Curitiba is an excellent example of how a large, growing city can be and remain sustainable. Although Curitiba has almost two million inhabitants, the government works hard to create green areas such as parks and gardens. Besides, public transport in the Brazilian city is called a real revolution in transportation: buses run the same system like the metro, with fixed prices, lanes, and buses departing several times an hour. Around 72% of the city’s inhabitants use buses instead of their transport, which means much less air pollution. More than 1.5 million trees have recently been planted in the town, and more than 50 percent of paper, metal, glass, and plastic are recycled. The government stimulates this by rewarding residents who give away waste with vegetables or bus tickets.

 

5) Copenhagen, Denmark

Copenhagen wants to be entirely CO2-neutral by 2025, with its dedicated inhabitants, clean water, and plenty of greenery, which certainly seems feasible. The city has an offshore wind farm along the coast and began building a new metro system in 2000, which improves public transport. In addition, Copenhagen is known for making bicycles available free of charge to the city’s residents, so only 25% of Copenhagen’s households have a car.

6) Vienna, Austria

Vienna is an example of being the greenest city in the world. Moreover, it ranks first in the ranking of the « greenest » metropolises. Vienna is a leader in the following disciplines:

  • Parks and local recreational areas at every turn – half of the city is green.
  • Public transport in Vienna will take you everywhere. This is why every second inhabitant of Vienna uses it.
  • The recycling and composting programs are top-notch: 30% of the city’s energy needs come from renewable sources.
  • Sorting waste can also be stylish: In Vienna, energy is also an art.
  • Local agricultural markets provide the city with the best groceries.

What are your thoughts about these cities? Share it with us in the comments below!

Tips in Green Living

Moving towards an environmentally friendly lifestyle can help improve your health and your life in general, and it is also a major asset for the world around you. Eliminating unnecessary chemicals, unhealthy foods, earth-unfriendly practices and bad habits can add up to make you healthier, while at the same time boosting the environment and the ecosystem. Wherever you are in the world, the following 8 tips are all achievable. Some of them are even great fun! Treat yourself, as we all fight for a greener future.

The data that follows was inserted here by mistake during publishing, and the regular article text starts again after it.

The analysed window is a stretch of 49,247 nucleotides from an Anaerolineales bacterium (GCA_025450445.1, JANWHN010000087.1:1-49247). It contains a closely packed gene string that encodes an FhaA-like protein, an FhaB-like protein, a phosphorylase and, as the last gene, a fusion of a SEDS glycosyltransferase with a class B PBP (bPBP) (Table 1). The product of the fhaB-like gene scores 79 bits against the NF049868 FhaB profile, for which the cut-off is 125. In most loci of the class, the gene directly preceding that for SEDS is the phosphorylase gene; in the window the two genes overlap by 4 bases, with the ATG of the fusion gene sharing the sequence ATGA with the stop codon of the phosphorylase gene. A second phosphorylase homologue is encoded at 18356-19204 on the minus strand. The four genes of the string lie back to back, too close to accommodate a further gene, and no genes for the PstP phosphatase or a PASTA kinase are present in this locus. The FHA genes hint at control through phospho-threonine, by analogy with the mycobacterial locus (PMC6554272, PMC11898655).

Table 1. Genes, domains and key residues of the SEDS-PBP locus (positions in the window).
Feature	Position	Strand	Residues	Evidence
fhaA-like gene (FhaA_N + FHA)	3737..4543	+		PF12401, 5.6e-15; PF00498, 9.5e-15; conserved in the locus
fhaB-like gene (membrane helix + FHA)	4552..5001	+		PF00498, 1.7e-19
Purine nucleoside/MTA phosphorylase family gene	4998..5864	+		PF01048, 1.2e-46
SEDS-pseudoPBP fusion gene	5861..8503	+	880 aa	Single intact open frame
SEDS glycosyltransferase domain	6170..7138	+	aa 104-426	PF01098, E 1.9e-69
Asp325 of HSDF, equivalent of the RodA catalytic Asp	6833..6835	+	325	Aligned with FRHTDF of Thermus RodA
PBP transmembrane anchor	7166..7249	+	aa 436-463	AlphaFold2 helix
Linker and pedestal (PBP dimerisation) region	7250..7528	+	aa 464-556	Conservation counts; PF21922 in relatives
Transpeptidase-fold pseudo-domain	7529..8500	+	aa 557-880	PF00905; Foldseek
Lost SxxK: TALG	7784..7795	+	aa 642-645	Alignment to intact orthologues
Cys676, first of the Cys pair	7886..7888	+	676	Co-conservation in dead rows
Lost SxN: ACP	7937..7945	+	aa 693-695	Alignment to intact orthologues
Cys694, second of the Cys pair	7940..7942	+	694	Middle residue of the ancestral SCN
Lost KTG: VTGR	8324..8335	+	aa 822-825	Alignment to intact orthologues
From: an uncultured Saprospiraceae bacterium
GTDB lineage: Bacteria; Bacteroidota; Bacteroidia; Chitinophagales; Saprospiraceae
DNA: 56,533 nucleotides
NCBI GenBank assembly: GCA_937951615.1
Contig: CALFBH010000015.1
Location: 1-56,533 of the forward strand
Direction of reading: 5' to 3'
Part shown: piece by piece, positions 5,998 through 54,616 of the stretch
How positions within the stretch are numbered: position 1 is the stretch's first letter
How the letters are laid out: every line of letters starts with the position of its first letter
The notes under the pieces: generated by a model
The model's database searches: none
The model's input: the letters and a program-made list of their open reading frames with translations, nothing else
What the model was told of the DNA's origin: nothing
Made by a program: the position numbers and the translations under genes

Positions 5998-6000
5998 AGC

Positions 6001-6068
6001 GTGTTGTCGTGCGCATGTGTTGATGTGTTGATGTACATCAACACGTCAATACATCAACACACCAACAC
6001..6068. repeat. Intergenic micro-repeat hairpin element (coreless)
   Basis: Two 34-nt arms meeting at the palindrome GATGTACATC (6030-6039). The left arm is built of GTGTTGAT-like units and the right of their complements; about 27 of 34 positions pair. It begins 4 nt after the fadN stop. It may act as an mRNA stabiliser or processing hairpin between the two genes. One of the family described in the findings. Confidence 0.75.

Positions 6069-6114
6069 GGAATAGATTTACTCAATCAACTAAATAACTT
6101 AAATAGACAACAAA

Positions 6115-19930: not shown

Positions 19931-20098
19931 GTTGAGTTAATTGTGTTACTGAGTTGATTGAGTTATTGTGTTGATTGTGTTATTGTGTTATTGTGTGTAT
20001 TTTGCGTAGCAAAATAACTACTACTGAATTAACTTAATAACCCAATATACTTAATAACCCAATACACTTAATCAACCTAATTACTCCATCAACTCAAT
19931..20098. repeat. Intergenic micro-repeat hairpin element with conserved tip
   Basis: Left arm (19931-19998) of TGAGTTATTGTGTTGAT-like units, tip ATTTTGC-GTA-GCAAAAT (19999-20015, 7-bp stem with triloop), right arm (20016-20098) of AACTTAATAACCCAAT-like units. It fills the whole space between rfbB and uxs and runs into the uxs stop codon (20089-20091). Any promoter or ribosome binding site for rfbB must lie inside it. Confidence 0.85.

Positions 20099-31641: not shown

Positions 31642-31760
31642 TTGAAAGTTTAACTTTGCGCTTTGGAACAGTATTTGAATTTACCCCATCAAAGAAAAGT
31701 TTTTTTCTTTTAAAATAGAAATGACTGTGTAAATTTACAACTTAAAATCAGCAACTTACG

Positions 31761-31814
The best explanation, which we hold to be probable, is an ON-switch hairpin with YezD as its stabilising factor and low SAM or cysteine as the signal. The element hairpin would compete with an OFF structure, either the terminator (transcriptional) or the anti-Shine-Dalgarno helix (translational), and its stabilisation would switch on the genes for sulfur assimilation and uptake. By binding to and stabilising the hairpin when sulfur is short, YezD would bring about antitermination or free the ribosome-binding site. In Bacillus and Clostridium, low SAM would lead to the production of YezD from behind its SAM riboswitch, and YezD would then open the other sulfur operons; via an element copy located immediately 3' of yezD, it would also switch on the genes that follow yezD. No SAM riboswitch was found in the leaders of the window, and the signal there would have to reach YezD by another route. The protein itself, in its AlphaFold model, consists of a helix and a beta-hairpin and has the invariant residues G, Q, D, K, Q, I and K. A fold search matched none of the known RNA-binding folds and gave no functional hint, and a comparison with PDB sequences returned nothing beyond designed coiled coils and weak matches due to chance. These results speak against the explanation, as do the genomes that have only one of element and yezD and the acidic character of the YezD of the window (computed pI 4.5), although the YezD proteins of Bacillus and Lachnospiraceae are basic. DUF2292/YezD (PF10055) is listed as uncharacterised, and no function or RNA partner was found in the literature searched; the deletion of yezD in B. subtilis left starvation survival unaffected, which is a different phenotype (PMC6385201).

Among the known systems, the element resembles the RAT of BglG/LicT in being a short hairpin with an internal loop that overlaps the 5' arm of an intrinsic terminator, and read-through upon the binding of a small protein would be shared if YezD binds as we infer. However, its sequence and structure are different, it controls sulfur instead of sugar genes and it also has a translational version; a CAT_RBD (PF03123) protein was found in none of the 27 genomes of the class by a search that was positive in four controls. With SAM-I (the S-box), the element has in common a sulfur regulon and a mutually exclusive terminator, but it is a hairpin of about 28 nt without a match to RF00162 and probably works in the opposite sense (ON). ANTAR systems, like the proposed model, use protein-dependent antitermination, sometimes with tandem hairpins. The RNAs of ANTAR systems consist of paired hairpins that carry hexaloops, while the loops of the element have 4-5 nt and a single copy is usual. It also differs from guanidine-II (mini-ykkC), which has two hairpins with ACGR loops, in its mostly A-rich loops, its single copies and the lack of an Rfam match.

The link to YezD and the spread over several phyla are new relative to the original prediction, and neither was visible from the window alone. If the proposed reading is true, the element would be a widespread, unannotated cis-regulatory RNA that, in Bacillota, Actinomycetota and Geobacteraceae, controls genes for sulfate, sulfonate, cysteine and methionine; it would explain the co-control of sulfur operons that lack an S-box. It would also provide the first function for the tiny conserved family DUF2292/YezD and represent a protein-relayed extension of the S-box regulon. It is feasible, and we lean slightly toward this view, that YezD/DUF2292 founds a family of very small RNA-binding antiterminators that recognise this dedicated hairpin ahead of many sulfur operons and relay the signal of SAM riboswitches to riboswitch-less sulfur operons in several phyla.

1. Get a high efficiency shower-head A high efficiency shower-head can save up to 3,000 gallons of water per person per year. You will also save $50 in energy costs and 1,000 pounds of carbon dioxide per person per year. Shower-heads are specially designed to conserve resources while providing a luxurious shower. Accessories for sinks and aerators also save large amounts of water and are very inexpensive.

2. Recycle water in your bathroom Use devices that allow you to reuse water from the sink to flush your toilet. You can also keep a bucket near the shower or bathtub and fill it with cold water from the sink before the hot water kicks in. Then take the bucket outside and use it to water your plants.

3. Compost Use a compost bin to turn your food and lawn waste into a rich mulch. It’s a great way to reduce your waste production, and next year you’ll have a rich compost ready to be planted in the spring.

4. Buy green power from your utility Most utilities charge less than $5 per month extra. Not only will your energy come from a renewable source, but you will use your spending control to show utility executives and government officials that we need more investment in renewable energy projects.

5. Improving the efficiency of your tankless and solar water heaters is all well and good, but simple modifications to your existing installation can reduce your energy bills and carbon emissions by 25% or more. Reduce the temperature of your water heater to 120 degrees, wrap it in an insulating water heater blanket and insulate the first 3 to 6 feet of hot and cold water piping. These inexpensive changes should take less than an hour.

6. Use high-efficiency outdoor lighting A typical 100-watt spotlight, if used six hours a day, can use up to $40 worth of electricity over a year and produce more than 400 pounds of carbon dioxide, depending on where you live. To get started, replace these projectors with compact fluorescent versions, which are just as bright and consume a quarter of the energy. Next, replace the low-energy halogen landscape bulbs with LED versions. They reduce energy consumption by more than 80% and can last for ten years or more. Finally, install motion detectors on non-essential lights. The new versions screw directly into the socket of your existing luminary.

7. 7. Replace heavy-duty indoor lights with compact fluorescent or LEDs With high-quality light, sizes to fit almost any luminary and dimmable versions, compact fluorescent have it all. They are more expensive than standard light bulbs, but between the energy savings and their much longer service life, they pay for themselves in less than two years. And think about LED bulbs for non-dimmable circuits (especially for vacation lighting). They are real energy wasters and will last as long as you live in your home.

8. Load the washing machines Make sure to run the dishwasher and washing machines only when they are full. Clothes washers consume a lot of energy and water, so be sure to do full loads (or adjust the water setting) whenever possible. And most of us use much more water (and soap) than we need to wash dishes by hand, especially when compared to high-efficiency Energy Star dishwashers. So save your time, water and energy by putting these dishes directly in the dishwasher after a meal.